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When dealing with complex functions, if $f(x)$ has a simple pole, then we can find the coefficient $a_{-1}$ in the Laurent expansion $f(x) = \sum_{n=-1}^\infty a_n x^n$ by evaluating the limit $\lim_{x \to 0} f(x)x$.

I'm interested in an odd sort of edge case, where we force $a_{-1} = \infty$. For instance, consider the function $$f(x) = \sum_{n=1}^\infty n \frac{x^n}{1-x^n}$$ Each of these terms has a simple pole at $x=1$. So, if we tried to find the coefficient of the simple pole, we would obtain $$\sum_{n=1}^\infty n \frac{x^n}{1-x^n} = \sum_{n=1}^\infty n \left(-\frac{1}{n}\frac{1}{x-1} + \sum_{n=0}^\infty b_n (x-1)^n\right) = \left(-\sum_{n=1}^\infty 1\right)\frac{1}{1-x} + \sum_{n=0}^\infty c_n (x-1)^n $$

But this computation suggests $a_{-1} = - \sum_{n=1}^\infty 1$, which is infinite. And indeed, we do find that $\lim_{x \to 1} f(x)(x-1) = \infty$. However, to my surprise, $f(x)$ appears to actually have a second order pole at $x = 1$. In fact, computations suggest that $\lim_{x \to 1} f(x)(x-1)^2 = \zeta(2)$. So, it seems that somehow, the fact that $a_{-1}$ is infinite causes it to spill over to the next order pole.

This behavior continues for other powers of $n$, for instance, $$\sum_{n=1}^\infty n^2 \frac{x^n}{1-x^n} = \left(-\sum_{n=1}^\infty n\right)\frac{1}{1-x} + \sum_{n=0}^\infty c_n (x-1)^n $$
And then $\sum_{n=1}^\infty n$ informally has a size of about $\infty^2$, so it should spill over to the next two poles. And $f(x)$ has a third order pole with $\lim_{x \to 1} f(x)(x-1)^3 = 2! \zeta(3)$. Likewise plugging in $n^3$ gives a fourth-order pole with $\lim_{x \to 1} f(x)(x-1)^4 = 3! \zeta(4)$.

An interesting case is $g(x) =\sum_{n=1}^\infty \frac{x^n}{1-x^n}$, since it should have a pole like $$\left(\sum_{n=1}^\infty \frac{1}{n}\right) \frac{1}{1-x}$$ $\sum_{n=1}^\infty \frac{1}{n} \approx \ln(\infty)$, so we should expect $g(x)$ to have a pole of order $\frac{\ln(1-x)}{(1-x)}$, and computationally, we see to have $\lim_{x \to 1} g(x) \frac{(1-x)}{\ln(1-x)} \approx 1$.

Question

A natural conjecture to make is that the leading term of the asymptotic of $\sum \frac{a_n}{n}$ determines the type of pole $f(x) = \sum_{n=1}^\infty a_n \frac{x^n}{1-x^n}$ has. In particular, if the leading term of $\sum \frac{a_n}{n} = g(n)$, then does the dominant pole of $f(x)$ have order $\frac{g\left(\frac{1}{1-x}\right)}{(1-x)}$?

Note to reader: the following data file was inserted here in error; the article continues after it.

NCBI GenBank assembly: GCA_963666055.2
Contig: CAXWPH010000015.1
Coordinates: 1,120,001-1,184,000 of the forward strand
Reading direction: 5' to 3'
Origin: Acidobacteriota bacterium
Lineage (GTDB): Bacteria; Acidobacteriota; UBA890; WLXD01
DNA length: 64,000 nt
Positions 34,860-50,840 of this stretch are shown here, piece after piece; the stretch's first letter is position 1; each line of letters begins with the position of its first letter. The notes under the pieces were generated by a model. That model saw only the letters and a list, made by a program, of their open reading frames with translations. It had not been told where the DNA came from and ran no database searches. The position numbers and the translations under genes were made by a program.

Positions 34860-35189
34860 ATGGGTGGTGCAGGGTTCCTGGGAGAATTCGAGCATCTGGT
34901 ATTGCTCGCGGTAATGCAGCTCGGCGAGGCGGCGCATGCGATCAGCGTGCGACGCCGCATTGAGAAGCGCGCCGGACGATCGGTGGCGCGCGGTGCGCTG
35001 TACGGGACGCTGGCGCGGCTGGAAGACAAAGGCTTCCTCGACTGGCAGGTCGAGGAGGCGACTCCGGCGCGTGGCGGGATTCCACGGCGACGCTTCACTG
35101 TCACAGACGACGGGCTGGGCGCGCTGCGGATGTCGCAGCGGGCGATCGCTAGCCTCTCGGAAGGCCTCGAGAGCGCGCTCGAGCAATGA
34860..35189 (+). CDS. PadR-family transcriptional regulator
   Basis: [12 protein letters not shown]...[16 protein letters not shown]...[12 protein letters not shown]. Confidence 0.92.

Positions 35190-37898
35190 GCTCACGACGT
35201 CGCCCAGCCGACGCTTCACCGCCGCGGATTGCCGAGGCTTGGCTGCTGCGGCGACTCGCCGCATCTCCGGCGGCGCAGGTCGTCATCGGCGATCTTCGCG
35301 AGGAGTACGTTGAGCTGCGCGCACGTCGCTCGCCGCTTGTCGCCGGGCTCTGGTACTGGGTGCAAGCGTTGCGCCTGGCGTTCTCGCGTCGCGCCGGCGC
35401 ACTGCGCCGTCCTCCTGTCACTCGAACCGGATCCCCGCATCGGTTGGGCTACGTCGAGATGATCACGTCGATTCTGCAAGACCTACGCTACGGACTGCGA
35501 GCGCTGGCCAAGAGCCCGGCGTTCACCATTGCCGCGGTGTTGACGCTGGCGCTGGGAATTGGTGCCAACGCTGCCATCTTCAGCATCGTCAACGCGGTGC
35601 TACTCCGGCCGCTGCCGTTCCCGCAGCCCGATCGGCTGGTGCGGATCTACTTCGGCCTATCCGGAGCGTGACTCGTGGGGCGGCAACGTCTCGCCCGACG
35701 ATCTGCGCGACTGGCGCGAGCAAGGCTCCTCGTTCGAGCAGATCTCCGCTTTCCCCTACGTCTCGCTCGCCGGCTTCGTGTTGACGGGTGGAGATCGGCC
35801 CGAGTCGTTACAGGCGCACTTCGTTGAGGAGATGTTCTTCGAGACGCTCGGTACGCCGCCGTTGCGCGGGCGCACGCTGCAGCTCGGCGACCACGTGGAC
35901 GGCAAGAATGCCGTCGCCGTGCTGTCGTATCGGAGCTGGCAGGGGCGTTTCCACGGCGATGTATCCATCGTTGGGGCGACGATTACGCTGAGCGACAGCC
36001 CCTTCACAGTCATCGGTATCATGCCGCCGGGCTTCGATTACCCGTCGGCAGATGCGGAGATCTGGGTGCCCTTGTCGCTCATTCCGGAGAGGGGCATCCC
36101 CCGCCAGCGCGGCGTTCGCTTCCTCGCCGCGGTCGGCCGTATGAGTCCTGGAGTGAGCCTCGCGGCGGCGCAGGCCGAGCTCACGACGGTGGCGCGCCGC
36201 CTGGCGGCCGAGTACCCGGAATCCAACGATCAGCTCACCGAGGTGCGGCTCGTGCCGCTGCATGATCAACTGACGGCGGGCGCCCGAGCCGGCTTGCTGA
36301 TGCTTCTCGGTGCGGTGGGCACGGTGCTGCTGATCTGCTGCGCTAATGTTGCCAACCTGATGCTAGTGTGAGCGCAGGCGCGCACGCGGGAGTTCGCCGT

I'm also curious about computing $\lim_{x \to 1} f(x) \frac{g\left(\frac{1}{1-x}\right)}{(1-x)}$. For instance, is there a way to establish the result that $$\lim_{x \to 1} \left((1-x)^k \sum_{n=1}^\infty n^k \frac{x^n}{1-x^n}\right) = (k-1)! \zeta(k)$$ Is there a systematic way to evaluate these limits in general?

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    $\begingroup$ $$\sum_{n\ge1}n^kx^n/(1-x^n)=\sum_{n\ge1}\sigma_k(n)x^n$$ where $\sigma_k(n)$ is the sum of the $k$th powers of the divisors of $n$. So when $k$ is odd this is the Eisenstein series $E_{k+1}$ up to scaling and constant term. When $k$ is even, this has also been studied, by Ingham I believe. $\endgroup$ Apr 24, 2023 at 17:02
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    $\begingroup$ These functions have singularities at all $n$th roots of $1$, so $1$ is not an isolated singularity and in particular not a pole. $\endgroup$ Apr 24, 2023 at 18:07

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There is an asymptotic for sums of the form $$g(t) = \sum_{n=1}^{\infty} f(nt)$$ given by Zagier for $C^{\infty}$ functions $f$ of sufficiently rapid decay (Proposition 3 of his appendix on the Mellin transform, https://people.mpim-bonn.mpg.de/zagier/files/tex/MellinTransform/fulltext.pdf)

If $$f(t) \sim \sum_{n=0}^{\infty} b_n t^n, \quad (t \rightarrow 0)$$ then $$g(t) \sim \frac{1}{t} \int_0^{\infty} f(t) \, \mathrm{d}t + \sum_{n=0}^{\infty} b_n \frac{B_{n+1}}{n+1} (-t)^n.$$

The example of $\sum_{n=1}^{\infty} n^{k-1} \frac{e^{-tn}}{1 - e^{-tn}}$ is given there specifically, as Example 3. We have the asymptotic series $$\sum_{n=1}^{\infty} n^{k-1} \frac{e^{-tn}}{1 - e^{-tn}} \sim \frac{(k-1)! \zeta(k)}{t^k} + \sum_{r=0}^{\infty} (-1)^{r+k} \frac{B_r B_{r+k-1}}{r! (r+k-1)!}t^{r-1}$$ as $t \rightarrow 0$, and in particular with $x = e^{-t}$ $$\lim_{x \rightarrow 1} (1-x)^k \sum_{n=1}^{\infty} n^{k-1} \frac{x^n}{1-x^n} = \lim_{t \rightarrow 0} t^k \sum_{n=1}^{\infty} n^{k-1} \frac{e^{-tn}}{1 - e^{-tn}} = (k-1)! \zeta(k).$$

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For real $k>0$, let \begin{equation} L_k:= \lim_{x\uparrow1}\Big((1-x)^{k+1} \sum_{n=1}^\infty n^k \frac{x^n}{1-x^n}\Big) =\lim_{t\downarrow0}\sum_{n=1}^\infty a_n(t), \end{equation} where \begin{equation} a_n(t):=t^{k+1}n^k \frac{(1-t)^n}{1-(1-t)^n}. \end{equation} For $t\in(0,1)$ and natural $n$,
\begin{equation} a_n(t)\le b_n(t):=t^{k+1}n^k \frac{e^{-nt}}{1-e^{-nt}} =t\,\frac{(nt)^k}{e^{nt}-1} \end{equation} and \begin{equation} a_n(t)\sim b_n(t) \end{equation} if $nt\asymp1$. Also, for $t\in(0,1)$ and natural $n$,
\begin{equation} b_n(t)=\int_{nt}^{(n+1)t}dc\,\frac{(nt)^k}{e^{nt}-1} \le4\int_{nt}^{(n+1)t}dc\,\frac{c^k}{e^c-1} \end{equation} and \begin{equation} b_n(t)\sim \int_{nt}^{(n+1)t}dc\,\frac{c^k}{e^c-1} \end{equation} if $nt\asymp1$. It follows that \begin{equation} L_k=\lim_{h\downarrow0}\int_h^{1/h}dc\,\frac{c^k}{e^c-1} =\int_0^\infty dc\,\frac{c^k}{e^c-1}=\Gamma(1+k) \zeta(1 + k). \end{equation}

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